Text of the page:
Submitted by: Stacey Gulka, Saskatchewan Watershed
Multispecies grazing can be used as a tool to accomplish
specific grazing management goals. Using two species of
animals to graze a pasture can diversify the type of forage
utilized, the topographic location of preferred grazing areas,
and can also diversify income sources on the operation.
The most commonly used species in multispecies grazing systems
are cattle and sheep or goats. These species are
commonly used because of their forage preferences. Cattle
prefer to graze grasses while sheep prefer forbs and goats
prefer brush and shrubs. Depending on a producer's
grazing management goals, these species can be used to utilize
more of a pastures' forage production and can be used to
control undesirable species within the area.
A common use for multispecies grazing systems is to
control the infestation of leafy spurge within a pasture by
grazing with sheep. Cattle do not consume leafy spurge,
so without intervention, a pasture grazed only by cattle can
be taken over by leafy spurge. Sheep will graze leafy
spurge, which in turn can increase the carrying capacity of
the pasture for cattle grazing. Grazing leafy spurge
allows for the growth of grass species, which are preferred by
Another benefit of multispecies grazing systems is
the different tolerances of species to graze different areas
of the pasture. Sheep and goats will graze at higher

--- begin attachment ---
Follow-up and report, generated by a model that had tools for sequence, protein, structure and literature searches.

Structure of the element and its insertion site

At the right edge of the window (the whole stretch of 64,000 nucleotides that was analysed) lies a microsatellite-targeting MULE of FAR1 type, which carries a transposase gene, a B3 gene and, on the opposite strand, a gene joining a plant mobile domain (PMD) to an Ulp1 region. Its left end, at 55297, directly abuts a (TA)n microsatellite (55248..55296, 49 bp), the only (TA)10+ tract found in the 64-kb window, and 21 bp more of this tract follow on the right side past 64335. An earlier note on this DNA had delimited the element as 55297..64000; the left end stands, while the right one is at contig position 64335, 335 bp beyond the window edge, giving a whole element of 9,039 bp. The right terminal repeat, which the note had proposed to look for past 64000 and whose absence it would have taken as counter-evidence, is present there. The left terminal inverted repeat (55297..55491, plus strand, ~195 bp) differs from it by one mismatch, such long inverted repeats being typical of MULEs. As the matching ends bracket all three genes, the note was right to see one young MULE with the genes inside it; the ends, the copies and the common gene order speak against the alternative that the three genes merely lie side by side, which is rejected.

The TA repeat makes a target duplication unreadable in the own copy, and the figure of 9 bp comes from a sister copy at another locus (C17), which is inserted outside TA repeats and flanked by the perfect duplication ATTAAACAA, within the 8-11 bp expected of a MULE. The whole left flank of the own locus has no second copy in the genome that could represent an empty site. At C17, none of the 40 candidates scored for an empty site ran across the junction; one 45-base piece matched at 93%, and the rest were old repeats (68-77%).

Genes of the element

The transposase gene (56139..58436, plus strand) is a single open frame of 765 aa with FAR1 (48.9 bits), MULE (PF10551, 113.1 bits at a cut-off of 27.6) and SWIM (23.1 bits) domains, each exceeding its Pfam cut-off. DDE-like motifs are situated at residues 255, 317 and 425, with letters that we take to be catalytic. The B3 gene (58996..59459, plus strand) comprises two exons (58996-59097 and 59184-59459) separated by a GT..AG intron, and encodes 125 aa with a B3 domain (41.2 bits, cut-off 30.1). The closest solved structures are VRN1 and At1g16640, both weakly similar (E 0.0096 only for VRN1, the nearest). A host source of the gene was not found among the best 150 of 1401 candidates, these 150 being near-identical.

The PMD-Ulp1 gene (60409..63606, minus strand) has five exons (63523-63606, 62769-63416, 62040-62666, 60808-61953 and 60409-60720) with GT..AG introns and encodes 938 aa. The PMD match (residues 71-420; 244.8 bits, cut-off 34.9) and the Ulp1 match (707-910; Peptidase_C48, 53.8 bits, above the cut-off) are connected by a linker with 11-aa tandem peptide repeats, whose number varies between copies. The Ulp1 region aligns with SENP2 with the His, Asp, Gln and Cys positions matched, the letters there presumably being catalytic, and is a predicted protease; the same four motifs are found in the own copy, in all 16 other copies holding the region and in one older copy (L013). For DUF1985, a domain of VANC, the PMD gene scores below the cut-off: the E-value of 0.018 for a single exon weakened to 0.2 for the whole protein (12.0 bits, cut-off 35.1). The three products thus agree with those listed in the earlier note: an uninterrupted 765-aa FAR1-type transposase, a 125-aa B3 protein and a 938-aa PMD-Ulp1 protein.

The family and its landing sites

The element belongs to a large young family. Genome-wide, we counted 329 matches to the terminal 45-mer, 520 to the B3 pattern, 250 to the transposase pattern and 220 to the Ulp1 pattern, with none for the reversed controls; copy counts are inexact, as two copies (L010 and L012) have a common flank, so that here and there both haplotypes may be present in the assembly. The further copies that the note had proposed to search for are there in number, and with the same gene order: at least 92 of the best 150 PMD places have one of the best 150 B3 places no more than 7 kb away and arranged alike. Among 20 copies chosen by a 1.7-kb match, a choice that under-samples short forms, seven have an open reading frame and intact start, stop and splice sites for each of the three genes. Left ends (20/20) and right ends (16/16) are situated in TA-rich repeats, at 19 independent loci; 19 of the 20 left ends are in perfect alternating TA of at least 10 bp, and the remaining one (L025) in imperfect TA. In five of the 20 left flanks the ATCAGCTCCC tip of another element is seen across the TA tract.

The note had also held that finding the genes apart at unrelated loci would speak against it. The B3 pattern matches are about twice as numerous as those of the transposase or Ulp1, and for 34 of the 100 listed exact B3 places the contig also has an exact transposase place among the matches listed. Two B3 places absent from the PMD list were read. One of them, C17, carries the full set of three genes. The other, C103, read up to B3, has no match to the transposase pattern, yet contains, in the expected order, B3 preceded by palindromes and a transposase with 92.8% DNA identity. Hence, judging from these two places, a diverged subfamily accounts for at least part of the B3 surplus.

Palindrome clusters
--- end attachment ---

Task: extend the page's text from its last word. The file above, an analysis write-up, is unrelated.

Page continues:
elevations than cattle, utilizing more of the forage
available. If the system involves large variances in the
topographic landscape, a multispecies system can be beneficial
in utilizing some of the underused areas of the pasture.
Often brush covered or woody areas of the pasture are
also underutilized. Goats may be useful in fighting
encroachment of woody species into a grassland, as this is
their preferred food.
Diversifying the operation's income is another
benefit of these grazing systems. The production of beef plus
the production of mutton or lamb can be profitable for the
producer. Other markets involving goats could also be
tapped, possibly the production of goat's milk. The
point of diversifying is to create more stability in income by
marketing different species or their products.
The benefits of a multispecies grazing system can be very
useful to a producer, but management is very important to
ensure that overgrazing does not occur. The risk of
overgrazing the pasture can be greater in these systems as
more of the species of forage are being consumed. Cattle tend
to overgraze localized areas of pasture, grazing their
preferential forage. With the introduction of another
species, overgrazing can occur throughout the pasture as more
species of forage are preferred and grazed. Management
to ensure that the pasture receives adequate rest for
re-growth is essential.
Predation of stock can also be an issue when introducing
sheep and lambs to an operation. Methods to control
predators must be put in place on the operation to ensure that
large losses of livestock do not occur.
Overall, multispecies grazing can be useful tool when
managed properly on an operation. It is an option for
producers looking to diversify their operation, control
infestation of leafy spurge, or to optimize the grazing
potential of their pastures.
For more information regarding multispecies grazing
systems you can contact:
Range Management Specialist